What happened with my mortgage is a case in point.
It’s A Wonderful Mortgage
We’re part of the lucky few who ‘own’ our home and can afford the taxes, mortgage, and maintenance of the house. I put own in scare quotes because we don’t really own it outright. The bank is our landlord until we can pay back the loan we took out to ‘buy’ the house. Plus we’re responsible for cutting the grass and fixing the leaky roof, etc. It’s better than renting since we’re ‘paying ourselves’, and if the price goes up on the house we can make money by selling it, but the whole homeownership thing is scammy and gets right to the heart of capitalism.
My favorite political theory professior in grad school once said that if we really wanted to understand capitalism we should–if we were able–try buying some property. He was right!
First of all, the 30-year low-interest mortgage shouldn’t exist. It’s a financial instrument from another planet. The only reason we have it in the US is because the ruling class was losing its grip on hegemony in the 1930s after the 1929 crash. The Russian Revolution was also pretty recent in everyone’s mind, Communists were getting more popular (with good reason) and capitalists were on their heels. They needed something that would appeal to a lot of people and make them feel better about capitalism.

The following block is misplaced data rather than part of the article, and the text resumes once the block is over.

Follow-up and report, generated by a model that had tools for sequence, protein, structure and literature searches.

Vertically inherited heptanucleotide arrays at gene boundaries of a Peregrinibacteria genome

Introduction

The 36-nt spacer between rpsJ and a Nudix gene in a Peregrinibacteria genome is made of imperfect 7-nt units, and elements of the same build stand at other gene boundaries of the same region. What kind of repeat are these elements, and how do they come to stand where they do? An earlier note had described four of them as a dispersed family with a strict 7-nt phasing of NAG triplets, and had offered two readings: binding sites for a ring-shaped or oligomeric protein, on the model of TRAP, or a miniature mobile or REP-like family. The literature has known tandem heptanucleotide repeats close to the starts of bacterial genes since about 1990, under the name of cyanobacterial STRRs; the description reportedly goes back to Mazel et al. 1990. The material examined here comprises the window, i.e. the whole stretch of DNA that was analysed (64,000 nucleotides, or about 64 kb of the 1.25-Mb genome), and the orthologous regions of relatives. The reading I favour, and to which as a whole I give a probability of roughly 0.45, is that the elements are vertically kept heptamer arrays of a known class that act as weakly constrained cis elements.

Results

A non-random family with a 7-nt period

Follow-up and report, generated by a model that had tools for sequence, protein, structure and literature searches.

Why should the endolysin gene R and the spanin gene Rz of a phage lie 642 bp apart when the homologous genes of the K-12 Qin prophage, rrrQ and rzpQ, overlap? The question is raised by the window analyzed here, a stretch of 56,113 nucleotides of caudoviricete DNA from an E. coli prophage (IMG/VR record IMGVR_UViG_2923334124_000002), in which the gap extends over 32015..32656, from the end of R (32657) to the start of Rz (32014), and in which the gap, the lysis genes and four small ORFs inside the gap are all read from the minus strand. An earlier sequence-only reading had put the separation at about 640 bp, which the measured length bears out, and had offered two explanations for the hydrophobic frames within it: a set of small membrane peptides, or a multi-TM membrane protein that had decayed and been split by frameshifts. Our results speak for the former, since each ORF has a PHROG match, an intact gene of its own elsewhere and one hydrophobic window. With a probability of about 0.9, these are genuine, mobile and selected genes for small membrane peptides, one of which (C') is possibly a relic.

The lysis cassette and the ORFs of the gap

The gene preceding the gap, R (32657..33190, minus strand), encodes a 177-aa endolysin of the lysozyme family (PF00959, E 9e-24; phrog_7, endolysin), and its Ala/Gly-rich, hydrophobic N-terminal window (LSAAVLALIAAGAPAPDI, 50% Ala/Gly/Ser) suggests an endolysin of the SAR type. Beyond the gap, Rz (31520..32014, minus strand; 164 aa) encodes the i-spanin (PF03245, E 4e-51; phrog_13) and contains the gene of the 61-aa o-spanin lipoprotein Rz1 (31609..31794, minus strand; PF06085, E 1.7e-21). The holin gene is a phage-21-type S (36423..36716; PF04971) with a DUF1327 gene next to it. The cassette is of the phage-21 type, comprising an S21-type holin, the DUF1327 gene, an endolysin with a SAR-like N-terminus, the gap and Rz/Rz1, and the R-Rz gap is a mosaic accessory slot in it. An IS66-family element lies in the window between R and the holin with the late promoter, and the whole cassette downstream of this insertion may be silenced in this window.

At that time, and for a lot of the history of private property, people rented. That’s because owning property was difficult: if you could get a loan, you’d have to pay it off within ten years at a pretty high interest rate. Plus there weren’t a lot of guaranteed loans, so you took a big risk: there could be a run on the bank or a robbery and you’d lose everything. Plus property was pretty expensive relative to wages and savings.
Then comes the crash, the Great Depression, and the New Deal. FDR hooks up with a bunch of fringe economists, real estate people, and urban planners. They basically said, “What if we give people houses? There’d be no revolution then!” So they told people: you can take out a loan and pay it back over a really long period of time and with super low interest. The government would structure the whole market (read David M. P. Freund’s book on this) by guaranteeing the loans and funding all kinds of authorities, commissions, and public companies to get the deals done. It was an explsoive thing. Developers started building and people started buying. The suburbs were born! Cities got a shot in the arm! It was “A Wonderul Life.”